The Trump administration published this spring its new definition of “navigable waters” (also known as “waters of the United States”) under the Clean Water Act.

The long-awaited action reversed course on decades of bureaucratic overreach by the Environmental Protection Agency and by the U.S. Army Corps of Engineers, the EPA’s partner in the abuse of property rights.

Those two agencies misused their Clean Water Act authority to control private property well beyond the limits set by the Constitution and congressional authorization. Those abuses culminated in a 2015 regulation by the Obama administration, widely referred to as the “waters of the United States” rule.

The new rule, published April 21, is a significant retreat from the extreme land grab that prior administrations carried out under the Clean Water Act. Fewer acres of remote or physically isolated wetlands will fall under EPA control. Fewer homebuilders will need the Army Corps of Engineers’ permission to provide housing.

So, why are three ranching organizations suing over the new rule on behalf of their thousands of members in Washington, Oregon, New Mexico, and other states?

The simple answer is that past presidents have gone so far beyond their legal authority that even with a huge reduction in bureaucratic power, it still exceeds constitutional authority. That’s where we are now.

The new water rule still puts the EPA in control of drainages on private farms and ranches miles from rivers and lakes. Some of those ditches carry as little as a garden hose worth of water for as little as a week after the winter rains stop.

Farmers and ranchers still need permission from the Army Corps for some of their farming operations. The new EPA rules still sweep in extensive parts of farms and ranches all over the country. Those ranchers and farmers are still subjected to regulation by the Army Corps and to civil and criminal enforcement by the EPA.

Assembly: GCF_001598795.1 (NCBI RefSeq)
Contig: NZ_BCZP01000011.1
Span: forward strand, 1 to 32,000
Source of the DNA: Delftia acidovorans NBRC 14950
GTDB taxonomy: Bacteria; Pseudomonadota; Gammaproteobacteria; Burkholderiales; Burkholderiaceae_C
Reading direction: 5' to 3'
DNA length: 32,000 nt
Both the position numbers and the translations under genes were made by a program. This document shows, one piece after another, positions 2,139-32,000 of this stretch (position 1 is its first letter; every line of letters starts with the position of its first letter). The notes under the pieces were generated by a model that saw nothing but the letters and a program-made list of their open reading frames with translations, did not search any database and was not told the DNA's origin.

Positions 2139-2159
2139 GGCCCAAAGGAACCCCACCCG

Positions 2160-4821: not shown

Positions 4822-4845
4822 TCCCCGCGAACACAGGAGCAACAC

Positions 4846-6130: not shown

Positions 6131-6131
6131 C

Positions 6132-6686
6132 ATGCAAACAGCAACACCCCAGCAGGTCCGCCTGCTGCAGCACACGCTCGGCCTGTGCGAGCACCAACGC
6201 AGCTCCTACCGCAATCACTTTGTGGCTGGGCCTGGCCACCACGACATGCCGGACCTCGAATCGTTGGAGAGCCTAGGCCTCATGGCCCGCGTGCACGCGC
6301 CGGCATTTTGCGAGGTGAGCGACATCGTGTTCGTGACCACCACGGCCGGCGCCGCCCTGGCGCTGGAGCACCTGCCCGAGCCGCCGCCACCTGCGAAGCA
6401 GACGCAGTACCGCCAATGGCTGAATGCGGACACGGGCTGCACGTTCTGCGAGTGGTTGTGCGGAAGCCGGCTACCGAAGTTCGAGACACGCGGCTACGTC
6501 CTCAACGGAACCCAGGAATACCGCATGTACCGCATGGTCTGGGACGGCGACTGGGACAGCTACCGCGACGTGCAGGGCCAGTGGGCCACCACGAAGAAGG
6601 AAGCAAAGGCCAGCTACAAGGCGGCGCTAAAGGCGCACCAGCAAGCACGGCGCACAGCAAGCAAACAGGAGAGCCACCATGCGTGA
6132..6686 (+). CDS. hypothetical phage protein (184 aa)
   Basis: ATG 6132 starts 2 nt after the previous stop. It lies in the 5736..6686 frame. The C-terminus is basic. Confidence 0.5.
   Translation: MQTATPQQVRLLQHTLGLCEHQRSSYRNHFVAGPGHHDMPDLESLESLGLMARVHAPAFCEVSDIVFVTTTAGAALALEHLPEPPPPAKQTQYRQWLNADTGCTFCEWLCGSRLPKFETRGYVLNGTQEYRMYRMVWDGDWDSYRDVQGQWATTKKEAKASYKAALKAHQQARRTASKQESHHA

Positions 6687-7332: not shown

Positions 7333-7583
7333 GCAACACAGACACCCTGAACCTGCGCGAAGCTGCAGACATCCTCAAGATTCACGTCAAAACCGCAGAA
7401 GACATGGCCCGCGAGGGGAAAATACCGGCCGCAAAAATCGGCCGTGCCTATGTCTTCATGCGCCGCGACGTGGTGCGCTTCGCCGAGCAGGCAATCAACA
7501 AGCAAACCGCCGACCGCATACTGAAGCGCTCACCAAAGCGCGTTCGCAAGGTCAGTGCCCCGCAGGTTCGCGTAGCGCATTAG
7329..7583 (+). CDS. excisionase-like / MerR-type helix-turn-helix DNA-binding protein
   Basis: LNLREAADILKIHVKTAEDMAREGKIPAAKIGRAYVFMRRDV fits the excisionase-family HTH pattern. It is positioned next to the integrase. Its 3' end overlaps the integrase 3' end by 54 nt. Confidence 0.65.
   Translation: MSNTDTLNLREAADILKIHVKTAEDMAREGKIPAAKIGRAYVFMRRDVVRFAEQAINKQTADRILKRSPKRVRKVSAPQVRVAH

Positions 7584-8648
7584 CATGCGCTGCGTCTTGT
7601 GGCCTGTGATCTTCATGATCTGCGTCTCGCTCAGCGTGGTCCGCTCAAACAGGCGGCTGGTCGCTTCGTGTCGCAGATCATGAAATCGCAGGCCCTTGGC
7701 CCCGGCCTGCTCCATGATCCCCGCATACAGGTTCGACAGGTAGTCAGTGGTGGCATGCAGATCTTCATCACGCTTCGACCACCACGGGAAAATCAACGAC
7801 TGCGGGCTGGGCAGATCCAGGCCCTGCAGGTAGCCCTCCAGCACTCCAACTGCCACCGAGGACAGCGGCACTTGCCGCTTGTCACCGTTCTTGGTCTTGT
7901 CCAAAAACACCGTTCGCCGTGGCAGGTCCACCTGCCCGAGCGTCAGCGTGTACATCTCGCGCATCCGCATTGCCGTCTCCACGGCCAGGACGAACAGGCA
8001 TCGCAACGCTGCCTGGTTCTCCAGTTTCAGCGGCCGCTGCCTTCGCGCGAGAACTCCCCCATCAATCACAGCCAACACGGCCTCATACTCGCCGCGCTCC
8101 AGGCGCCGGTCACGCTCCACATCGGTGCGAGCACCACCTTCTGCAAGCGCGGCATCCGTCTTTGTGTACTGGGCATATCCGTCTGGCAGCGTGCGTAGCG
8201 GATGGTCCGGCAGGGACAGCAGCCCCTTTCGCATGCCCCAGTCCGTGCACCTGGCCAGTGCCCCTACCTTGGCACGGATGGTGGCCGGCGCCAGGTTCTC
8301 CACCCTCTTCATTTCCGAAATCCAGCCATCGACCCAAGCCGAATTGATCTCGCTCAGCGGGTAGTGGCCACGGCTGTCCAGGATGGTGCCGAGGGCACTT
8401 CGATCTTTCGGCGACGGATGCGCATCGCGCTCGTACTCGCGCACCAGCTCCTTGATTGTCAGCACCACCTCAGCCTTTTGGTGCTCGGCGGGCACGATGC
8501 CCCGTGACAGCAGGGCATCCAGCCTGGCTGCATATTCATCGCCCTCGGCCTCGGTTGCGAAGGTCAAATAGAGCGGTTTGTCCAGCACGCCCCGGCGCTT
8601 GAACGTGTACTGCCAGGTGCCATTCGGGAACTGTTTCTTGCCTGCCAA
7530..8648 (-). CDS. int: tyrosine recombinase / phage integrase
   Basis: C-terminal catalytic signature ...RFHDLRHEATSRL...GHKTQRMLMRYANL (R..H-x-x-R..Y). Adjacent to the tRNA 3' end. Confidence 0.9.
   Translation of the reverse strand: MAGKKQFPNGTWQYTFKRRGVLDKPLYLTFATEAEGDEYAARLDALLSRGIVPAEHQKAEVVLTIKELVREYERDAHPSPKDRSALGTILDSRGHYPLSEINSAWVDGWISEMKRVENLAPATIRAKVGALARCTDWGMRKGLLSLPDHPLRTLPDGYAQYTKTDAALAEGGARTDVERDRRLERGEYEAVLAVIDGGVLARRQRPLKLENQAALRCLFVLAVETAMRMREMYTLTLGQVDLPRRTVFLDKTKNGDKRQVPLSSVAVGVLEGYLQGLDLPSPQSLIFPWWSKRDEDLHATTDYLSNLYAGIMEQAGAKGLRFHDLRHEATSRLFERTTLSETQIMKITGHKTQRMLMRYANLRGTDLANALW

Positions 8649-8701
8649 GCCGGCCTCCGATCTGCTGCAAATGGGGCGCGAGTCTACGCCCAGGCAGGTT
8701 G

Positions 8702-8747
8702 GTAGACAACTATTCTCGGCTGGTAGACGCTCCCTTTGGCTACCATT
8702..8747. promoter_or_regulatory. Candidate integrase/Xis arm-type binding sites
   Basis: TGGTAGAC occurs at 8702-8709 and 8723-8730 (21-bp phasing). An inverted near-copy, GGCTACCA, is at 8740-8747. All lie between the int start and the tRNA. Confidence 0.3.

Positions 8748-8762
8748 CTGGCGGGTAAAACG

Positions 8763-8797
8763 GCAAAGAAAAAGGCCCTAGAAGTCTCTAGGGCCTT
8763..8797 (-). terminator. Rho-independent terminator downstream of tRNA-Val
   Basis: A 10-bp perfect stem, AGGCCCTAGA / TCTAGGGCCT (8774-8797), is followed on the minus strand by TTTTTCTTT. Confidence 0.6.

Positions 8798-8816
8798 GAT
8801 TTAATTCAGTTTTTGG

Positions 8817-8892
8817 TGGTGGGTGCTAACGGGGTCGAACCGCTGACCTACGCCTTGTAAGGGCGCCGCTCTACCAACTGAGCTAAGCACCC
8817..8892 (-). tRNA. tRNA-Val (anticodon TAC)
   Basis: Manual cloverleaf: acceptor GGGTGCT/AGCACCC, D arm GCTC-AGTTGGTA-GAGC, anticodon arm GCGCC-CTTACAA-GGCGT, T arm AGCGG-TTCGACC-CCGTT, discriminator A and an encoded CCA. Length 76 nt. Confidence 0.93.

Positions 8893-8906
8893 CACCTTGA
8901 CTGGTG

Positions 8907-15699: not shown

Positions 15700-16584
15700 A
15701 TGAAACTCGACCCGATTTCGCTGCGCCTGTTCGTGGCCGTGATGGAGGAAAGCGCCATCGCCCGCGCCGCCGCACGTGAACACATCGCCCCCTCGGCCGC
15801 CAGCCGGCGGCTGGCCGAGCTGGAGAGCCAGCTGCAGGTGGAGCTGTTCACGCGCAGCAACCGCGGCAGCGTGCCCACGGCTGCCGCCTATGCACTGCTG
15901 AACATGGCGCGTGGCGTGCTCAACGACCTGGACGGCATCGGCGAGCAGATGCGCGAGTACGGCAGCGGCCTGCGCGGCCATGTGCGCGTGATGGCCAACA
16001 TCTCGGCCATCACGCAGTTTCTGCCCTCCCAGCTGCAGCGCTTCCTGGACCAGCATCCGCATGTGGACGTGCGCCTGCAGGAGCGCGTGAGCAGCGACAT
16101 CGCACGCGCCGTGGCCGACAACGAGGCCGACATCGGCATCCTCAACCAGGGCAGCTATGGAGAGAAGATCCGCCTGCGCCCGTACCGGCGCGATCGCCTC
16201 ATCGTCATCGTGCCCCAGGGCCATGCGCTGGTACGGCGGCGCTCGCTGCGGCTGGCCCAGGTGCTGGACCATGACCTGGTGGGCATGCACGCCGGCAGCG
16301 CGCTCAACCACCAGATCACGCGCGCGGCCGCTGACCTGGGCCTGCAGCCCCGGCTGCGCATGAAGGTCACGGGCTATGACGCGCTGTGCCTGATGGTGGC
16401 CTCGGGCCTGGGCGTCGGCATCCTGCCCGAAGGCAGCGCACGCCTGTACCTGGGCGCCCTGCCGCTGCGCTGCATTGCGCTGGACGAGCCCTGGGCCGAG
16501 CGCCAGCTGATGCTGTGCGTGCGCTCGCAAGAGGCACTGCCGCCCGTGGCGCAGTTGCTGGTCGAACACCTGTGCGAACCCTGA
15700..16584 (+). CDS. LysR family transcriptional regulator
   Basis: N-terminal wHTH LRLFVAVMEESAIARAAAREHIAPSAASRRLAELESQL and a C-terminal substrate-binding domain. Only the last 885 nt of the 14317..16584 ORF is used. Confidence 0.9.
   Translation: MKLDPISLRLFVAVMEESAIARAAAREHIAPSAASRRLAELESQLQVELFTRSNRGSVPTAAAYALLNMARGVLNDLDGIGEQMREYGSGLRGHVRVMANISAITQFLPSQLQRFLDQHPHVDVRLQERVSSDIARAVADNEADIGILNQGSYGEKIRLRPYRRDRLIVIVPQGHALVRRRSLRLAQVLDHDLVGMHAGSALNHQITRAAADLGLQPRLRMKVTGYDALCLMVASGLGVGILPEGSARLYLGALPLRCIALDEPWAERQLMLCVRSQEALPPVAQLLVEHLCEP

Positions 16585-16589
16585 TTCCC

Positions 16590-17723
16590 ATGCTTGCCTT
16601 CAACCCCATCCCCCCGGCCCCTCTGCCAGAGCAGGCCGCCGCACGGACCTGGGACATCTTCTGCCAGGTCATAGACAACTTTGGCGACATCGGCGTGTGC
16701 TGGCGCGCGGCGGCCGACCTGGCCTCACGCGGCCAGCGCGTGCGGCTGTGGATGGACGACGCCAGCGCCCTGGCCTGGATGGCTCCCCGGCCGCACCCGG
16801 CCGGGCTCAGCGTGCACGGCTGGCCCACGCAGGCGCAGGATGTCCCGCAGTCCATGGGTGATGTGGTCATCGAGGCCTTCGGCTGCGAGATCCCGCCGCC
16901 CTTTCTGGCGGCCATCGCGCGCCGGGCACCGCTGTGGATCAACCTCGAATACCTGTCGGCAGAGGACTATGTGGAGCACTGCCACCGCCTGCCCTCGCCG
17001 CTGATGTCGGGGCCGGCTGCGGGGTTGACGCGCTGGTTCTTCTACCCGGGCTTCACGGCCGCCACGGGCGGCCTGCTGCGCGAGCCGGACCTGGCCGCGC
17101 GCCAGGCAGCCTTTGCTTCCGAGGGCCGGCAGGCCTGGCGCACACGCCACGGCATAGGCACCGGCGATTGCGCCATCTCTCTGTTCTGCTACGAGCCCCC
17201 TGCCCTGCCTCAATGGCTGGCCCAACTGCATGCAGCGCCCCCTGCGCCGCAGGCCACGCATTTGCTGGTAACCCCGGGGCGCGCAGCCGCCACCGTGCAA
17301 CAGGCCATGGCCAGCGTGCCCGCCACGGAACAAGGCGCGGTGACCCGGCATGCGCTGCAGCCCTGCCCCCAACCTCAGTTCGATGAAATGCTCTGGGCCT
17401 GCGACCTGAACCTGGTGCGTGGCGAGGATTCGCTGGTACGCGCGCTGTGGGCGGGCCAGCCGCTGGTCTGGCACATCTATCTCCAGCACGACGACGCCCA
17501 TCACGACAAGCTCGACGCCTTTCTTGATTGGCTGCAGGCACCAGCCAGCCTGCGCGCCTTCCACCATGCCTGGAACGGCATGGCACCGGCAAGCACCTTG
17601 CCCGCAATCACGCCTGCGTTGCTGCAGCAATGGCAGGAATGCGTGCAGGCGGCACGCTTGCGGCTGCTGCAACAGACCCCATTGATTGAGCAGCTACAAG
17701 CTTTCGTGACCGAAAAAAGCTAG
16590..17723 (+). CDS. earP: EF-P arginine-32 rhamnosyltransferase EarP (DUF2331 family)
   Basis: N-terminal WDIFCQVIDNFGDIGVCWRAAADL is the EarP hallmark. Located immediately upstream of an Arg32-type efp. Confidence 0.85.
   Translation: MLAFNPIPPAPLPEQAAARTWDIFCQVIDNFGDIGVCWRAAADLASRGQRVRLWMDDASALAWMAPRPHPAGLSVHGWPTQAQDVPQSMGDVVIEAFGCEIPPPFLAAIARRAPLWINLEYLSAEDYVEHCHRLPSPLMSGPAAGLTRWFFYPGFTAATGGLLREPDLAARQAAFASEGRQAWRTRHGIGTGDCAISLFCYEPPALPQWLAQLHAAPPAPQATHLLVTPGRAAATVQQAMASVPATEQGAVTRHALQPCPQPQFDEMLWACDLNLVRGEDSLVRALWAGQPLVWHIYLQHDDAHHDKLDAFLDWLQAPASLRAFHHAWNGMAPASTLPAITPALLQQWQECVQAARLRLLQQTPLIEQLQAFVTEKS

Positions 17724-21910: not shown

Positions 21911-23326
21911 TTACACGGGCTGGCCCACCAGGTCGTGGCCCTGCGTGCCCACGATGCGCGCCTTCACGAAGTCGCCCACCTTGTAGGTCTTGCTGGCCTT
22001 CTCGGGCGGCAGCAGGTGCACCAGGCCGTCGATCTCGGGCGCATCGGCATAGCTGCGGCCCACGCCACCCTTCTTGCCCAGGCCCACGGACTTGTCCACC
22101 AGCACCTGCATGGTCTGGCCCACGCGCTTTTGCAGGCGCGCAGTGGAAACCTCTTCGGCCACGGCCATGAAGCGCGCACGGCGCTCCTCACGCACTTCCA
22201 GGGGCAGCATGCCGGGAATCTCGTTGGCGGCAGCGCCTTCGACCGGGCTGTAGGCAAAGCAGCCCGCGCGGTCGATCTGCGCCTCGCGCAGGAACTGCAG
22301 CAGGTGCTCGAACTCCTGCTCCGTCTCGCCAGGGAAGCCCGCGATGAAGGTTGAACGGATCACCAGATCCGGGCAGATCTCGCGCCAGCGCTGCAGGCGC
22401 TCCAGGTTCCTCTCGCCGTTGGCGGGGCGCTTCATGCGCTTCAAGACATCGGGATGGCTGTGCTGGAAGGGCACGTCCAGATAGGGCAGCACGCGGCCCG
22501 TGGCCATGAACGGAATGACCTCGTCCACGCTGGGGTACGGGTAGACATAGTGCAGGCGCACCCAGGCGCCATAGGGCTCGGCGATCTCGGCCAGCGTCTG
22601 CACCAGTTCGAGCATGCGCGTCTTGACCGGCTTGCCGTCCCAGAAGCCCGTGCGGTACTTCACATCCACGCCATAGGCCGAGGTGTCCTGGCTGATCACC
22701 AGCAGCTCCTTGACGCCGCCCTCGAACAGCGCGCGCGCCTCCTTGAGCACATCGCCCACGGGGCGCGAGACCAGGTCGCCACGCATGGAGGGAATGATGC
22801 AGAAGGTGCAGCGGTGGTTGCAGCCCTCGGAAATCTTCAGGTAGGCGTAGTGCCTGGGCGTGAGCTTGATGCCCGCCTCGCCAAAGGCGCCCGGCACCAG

The threat of litigation from environmental activists remains as well.

That was made clear to a California farmer long before the ink was dry on the new regulation. Jack LaPant planted a wheat crop on his farm nearly a decade ago. Then the Army Corps sued him, alleging that his farm field is a “navigable water” subject to its regulation under the older navigable waters rule.

That was because there are a number of small shallow depressions on the ranch that hold and drain rainfall for 85 days a year—at most.

When the new, narrower regulation was announced earlier this year, Justice Department lawyers assured the court that their case was still solid: Even under the new regulation, “the vast majority” of the shallow depressions with their short-lived pools of water could still be under the Army Corps’ control.

The president made much of helping agriculture with this regulatory reform. So why would his Justice Department still be suing farmers for farming under the new and improved regulations?

The answer is simple, but regrettably, it shows how far federal agencies have strayed from their constitutional roles.

Although the navigable waters rule reform is a much-needed step, it’s not enough to confine the EPA and the Army Corps to their lawful authority. Even under the new rule, they still claim control of private farms and ranches.

The Pacific Legal Foundation is representing the New Mexico Cattle Growers’ Association, the Oregon Cattlemen’s Association, and the Washington Cattlemen’s Association in their challenges to the new rule.

These groups have chosen to step up and defend their members’ interests in federal court. They don’t want to do away with the beneficial parts of the new rule. They are challenging only the provisions that still go too far.

That’s because the “too far” is their land, their property, and their livelihood. The EPA can’t take all of a farmer’s land, give half of it back, then expect a “Thank you.”

As the saying goes, we’ll see you in court.

Commentary by Tony Francois. Originally published at The Daily Signal. https://www.dailysignal.com/2020/06/04/trumps-new-navigable-waters-rule-is-an-improvement-but-still-murky/

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